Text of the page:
That phrase — "level the playing field" — is one that could be music to the ears of small and medium sized Internet-based businesses, who have complained for years that an overemphasis on search engine optimization has made Google's results less relevant — and has cost them money. And it could be particularly beneficial for content sites.
"What Google is trying to do is get rid of spam sites," says Matt Sullivan, eBusiness marketing manager at Direct Capital. "People have been creating crappy content with hundred and hundreds of keywords. … [Now,] if small and medium sized businesses put some thought and value into their website, filling it with content that site visitors will appreciate, then they'll rank highly."
Cutts has been called the "Greenspan of Google" since offhand comments from him are dissected and scrutinized by the SEO world. And his SXSW announcement put that profession on alert.
"We are trying to make GoogleBot smarter, make our relevance better, and we are also looking for those who abuse it," he said.
The search changes, while notable, are likely not a direct reaction to the company's PR problems. While Google would not comment further on Cutts' comments, it did note that changes of this sort are typically in the works for a long time before they're made public.
Although the changes are aimed at improving results for the end user, some IT departments and SEO experts are still grumbling. That's part of the normal cat and mouse game that's typically played between Google and those fields.
The site regularly tweaks its search protocols to battle companies who are optimized to rank high on Google, but have little to no useful content. (Those sites are typically loaded with ads and can be immensely profitable for their owners.) In 2010, for example, Google made more than 500 changes to its search parameters — and another 520 in 2011. At any given time, the company says, Google runs over 200 live search experiments.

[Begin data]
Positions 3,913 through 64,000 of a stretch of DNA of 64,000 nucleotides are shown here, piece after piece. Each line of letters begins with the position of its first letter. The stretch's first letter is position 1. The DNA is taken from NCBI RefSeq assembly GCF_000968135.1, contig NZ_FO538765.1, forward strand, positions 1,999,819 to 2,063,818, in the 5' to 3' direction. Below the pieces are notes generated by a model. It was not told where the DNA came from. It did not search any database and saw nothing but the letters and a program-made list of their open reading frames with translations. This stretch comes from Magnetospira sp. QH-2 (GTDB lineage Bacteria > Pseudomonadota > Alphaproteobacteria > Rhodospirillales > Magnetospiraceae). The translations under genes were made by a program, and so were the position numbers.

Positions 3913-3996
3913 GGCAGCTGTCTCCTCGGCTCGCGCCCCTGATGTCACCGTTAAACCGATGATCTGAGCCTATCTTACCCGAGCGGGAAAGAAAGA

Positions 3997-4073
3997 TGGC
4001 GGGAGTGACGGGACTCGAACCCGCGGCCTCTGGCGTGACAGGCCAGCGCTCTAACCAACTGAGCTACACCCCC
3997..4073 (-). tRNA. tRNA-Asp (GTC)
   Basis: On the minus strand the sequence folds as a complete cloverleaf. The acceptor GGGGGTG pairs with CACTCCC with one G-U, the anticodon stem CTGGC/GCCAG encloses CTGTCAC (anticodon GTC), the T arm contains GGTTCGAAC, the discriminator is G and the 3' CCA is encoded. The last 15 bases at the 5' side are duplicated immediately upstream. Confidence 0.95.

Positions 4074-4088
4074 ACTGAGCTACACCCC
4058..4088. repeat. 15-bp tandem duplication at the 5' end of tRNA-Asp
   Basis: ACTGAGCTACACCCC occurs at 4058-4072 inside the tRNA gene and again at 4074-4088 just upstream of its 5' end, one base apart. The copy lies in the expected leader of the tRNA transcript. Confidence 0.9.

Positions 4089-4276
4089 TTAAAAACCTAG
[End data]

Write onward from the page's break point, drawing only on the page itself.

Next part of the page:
"10 years ago, my job was to trick engines into delivering traffic," said John H. Denny, vice president of marketing for Advance Digital and a 20-year digital media veteran, in a Twitter post. "Now it's to trick clients into developing content that users want."
The changes are likely to be welcomed by most businesses and content companies, since search is still a critical component of discoverability for customers. But as the Internet has evolved over the past six years, Google has lost its lead as the most important online tool for companies.
The rise of social media sites like Facebook and Twitter has negatively impacted search engines among people looking to make a purchase. Rather than searching blindly for, say, a vacuum, many people start by asking their friends. And many businesses have found their products go viral without spending a lot of time optimizing their sites for search engines.
"You can't go into the online game saying 'I don't need Google'," says Sullivan. "Outside of Facebook, it's the most visited website. It's how people are going to find you. But with the way social media has grown so fast in the past five or six years, that's how businesses will be found in the future."